By Jurica Dujmovic, MarketWatch
What is 132 feet long, capable of reaching 27 knots, weighs 135 tons and has a range of 10,000 nautical miles?
If your guess is a medium-sized naval vessel, you’d be right.
However, this particular naval vessel, a trimaran warship dubbed “Sea Hunter,” differs in one crucial detail: It needs no crew. Instead, it’s navigated by a specially designed artificial intelligence (AI), which gets its data from sensors, radars and cameras installed on the vessel.
You may have heard about AI in cars, smartphones and even in military installations, but this one is different. It tackles difficult challenges, such as wind conditions, water depth and sea currents. These are constantly changing and can affect the ship in unpredictable ways. Once it deals with the environment, the AI also has to keep the ship on course, prevent collisions with other vessels and, finally, perform military operations. It has been seven years in the making, and now it has finally seen real life use in Sea Hunter.
One of a kind
The company that engineered the vessel, Reston, Va.-based Leidos , says its trimaran is the first ship of this kind. It’s capable of autonomous navigation as it spends weeks at sea, performing tasks such as tracking enemy submarines, removing mines, detecting torpedoes and acting as a communication relay before it has to return to port — all at a fraction of the cost of a manned ship.
Operating Sea Hunter costs $20,000 a day, which is 35 times less than the daily running costs of an Arleigh Burke-class destroyer ($700,000). Also, it’s significantly cheaper to produce: $20 million for one autonomous trimaran versus $1.6 billion for a destroyer. However, Sea Hunter is not a replacement for other manned vessels. The military sees it as a jack-of-all-trades vessel, capable of providing support during wartime operations.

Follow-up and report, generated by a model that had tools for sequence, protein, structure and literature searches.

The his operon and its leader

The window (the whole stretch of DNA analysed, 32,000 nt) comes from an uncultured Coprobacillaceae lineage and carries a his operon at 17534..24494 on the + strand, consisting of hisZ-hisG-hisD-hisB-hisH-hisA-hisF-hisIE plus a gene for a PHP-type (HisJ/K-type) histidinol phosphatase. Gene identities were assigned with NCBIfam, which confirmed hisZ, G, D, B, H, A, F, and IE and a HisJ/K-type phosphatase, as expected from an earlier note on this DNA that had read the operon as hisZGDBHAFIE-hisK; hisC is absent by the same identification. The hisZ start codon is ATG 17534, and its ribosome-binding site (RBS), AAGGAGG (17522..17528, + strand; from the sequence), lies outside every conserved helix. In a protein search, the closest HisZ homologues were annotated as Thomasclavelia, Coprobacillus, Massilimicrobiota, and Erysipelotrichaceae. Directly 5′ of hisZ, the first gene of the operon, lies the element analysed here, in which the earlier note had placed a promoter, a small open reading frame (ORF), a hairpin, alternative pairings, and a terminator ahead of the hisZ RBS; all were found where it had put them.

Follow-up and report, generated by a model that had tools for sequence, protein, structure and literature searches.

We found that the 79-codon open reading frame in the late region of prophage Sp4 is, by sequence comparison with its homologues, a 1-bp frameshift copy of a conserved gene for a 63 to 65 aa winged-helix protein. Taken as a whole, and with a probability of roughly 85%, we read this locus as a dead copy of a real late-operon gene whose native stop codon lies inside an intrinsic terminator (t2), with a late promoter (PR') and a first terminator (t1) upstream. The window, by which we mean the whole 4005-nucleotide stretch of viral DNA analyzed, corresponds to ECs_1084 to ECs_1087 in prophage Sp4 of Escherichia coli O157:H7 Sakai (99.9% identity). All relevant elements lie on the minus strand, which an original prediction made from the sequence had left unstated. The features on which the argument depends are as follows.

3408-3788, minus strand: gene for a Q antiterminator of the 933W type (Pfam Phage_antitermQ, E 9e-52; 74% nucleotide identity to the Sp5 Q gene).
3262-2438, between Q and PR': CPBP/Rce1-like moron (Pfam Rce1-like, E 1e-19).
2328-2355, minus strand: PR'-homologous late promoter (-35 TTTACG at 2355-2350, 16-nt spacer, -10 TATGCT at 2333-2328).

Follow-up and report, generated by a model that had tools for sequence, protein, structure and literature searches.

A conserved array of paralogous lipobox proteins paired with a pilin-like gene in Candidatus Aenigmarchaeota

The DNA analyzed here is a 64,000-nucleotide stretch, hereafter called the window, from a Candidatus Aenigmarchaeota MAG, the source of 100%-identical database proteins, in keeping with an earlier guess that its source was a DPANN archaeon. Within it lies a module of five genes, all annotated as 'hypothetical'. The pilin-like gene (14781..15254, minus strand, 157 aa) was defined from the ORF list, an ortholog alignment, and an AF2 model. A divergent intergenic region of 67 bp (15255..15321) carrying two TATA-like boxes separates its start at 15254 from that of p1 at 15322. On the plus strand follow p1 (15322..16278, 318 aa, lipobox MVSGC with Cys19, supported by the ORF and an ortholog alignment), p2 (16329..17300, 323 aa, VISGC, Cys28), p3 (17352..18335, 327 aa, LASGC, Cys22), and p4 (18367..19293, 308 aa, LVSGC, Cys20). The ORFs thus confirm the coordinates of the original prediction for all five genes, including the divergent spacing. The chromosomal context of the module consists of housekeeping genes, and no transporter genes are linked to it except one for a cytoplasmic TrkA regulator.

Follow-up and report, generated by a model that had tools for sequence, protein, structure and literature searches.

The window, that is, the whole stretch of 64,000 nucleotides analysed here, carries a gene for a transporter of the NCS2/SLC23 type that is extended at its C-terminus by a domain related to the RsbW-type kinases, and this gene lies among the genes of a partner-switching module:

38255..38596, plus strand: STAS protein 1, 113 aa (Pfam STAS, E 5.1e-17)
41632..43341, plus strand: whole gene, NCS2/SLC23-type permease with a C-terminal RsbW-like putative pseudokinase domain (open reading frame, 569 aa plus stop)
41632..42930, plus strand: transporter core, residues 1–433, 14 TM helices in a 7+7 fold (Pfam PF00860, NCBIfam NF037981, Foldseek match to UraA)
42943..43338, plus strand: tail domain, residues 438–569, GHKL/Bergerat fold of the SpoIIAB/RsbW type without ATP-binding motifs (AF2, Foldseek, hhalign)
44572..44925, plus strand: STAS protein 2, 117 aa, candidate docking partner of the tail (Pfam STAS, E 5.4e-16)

Currently, Sea Hunter is unarmed, but there are plans for that to change. The Office of Naval Research (ONR) is still testing the vessel and will continue to do so throughout 2019. If those tests are successful, weapons, such as missiles, will be installed on the ship. However, they would be remotely controlled by a human operator, ensuring there’s a human decision maker behind every use of lethal force.
As you can see, this drone ship seems formidable. The Navy knows that too. That’s why, in April 2018, after eight years of development, Sea Hunter joined the U.S. Navy. Much about the ship is classified, from details about the technology to exact applications in naval warfare.
One thing is certain, though: Although the ship itself is kind of “old news,” its AI is anything but. It keeps getting updated and adjusted to this day, and in January of this year, it made yet another milestone: Sea Hunter became the first ship to autonomously navigate from San Diego to Pearl Harbor, Hawaii, and back without a single crew member aboard.
To show just how content the Navy is with what Leidos is doing, it awarded the company a potential three-year, $43.5 million contract to develop a second iteration of the vessel, a sister ship aptly named Sea Hunter II. In its press release, Leidos said: “The sister ship will be evolved based upon lessons learned during the first Sea Hunter build, evolving mission requirements, and further development of autonomy enhancements.”
Since the onboard AI is likely to be something that can be carried over to another ship, I assume that tests Sea Hunter is being upgraded.
Sea Hunter may be just one ship, but its acquisition and the Navy’s interest in further research and development paint a clear picture of the direction of modern warfare: One in which both manned and unmanned vehicles, human and AI-driven combatants work hand in hand toward completing objectives and missions in the theater of war.
Jurica Dujmovic is a MarketWatch columnist.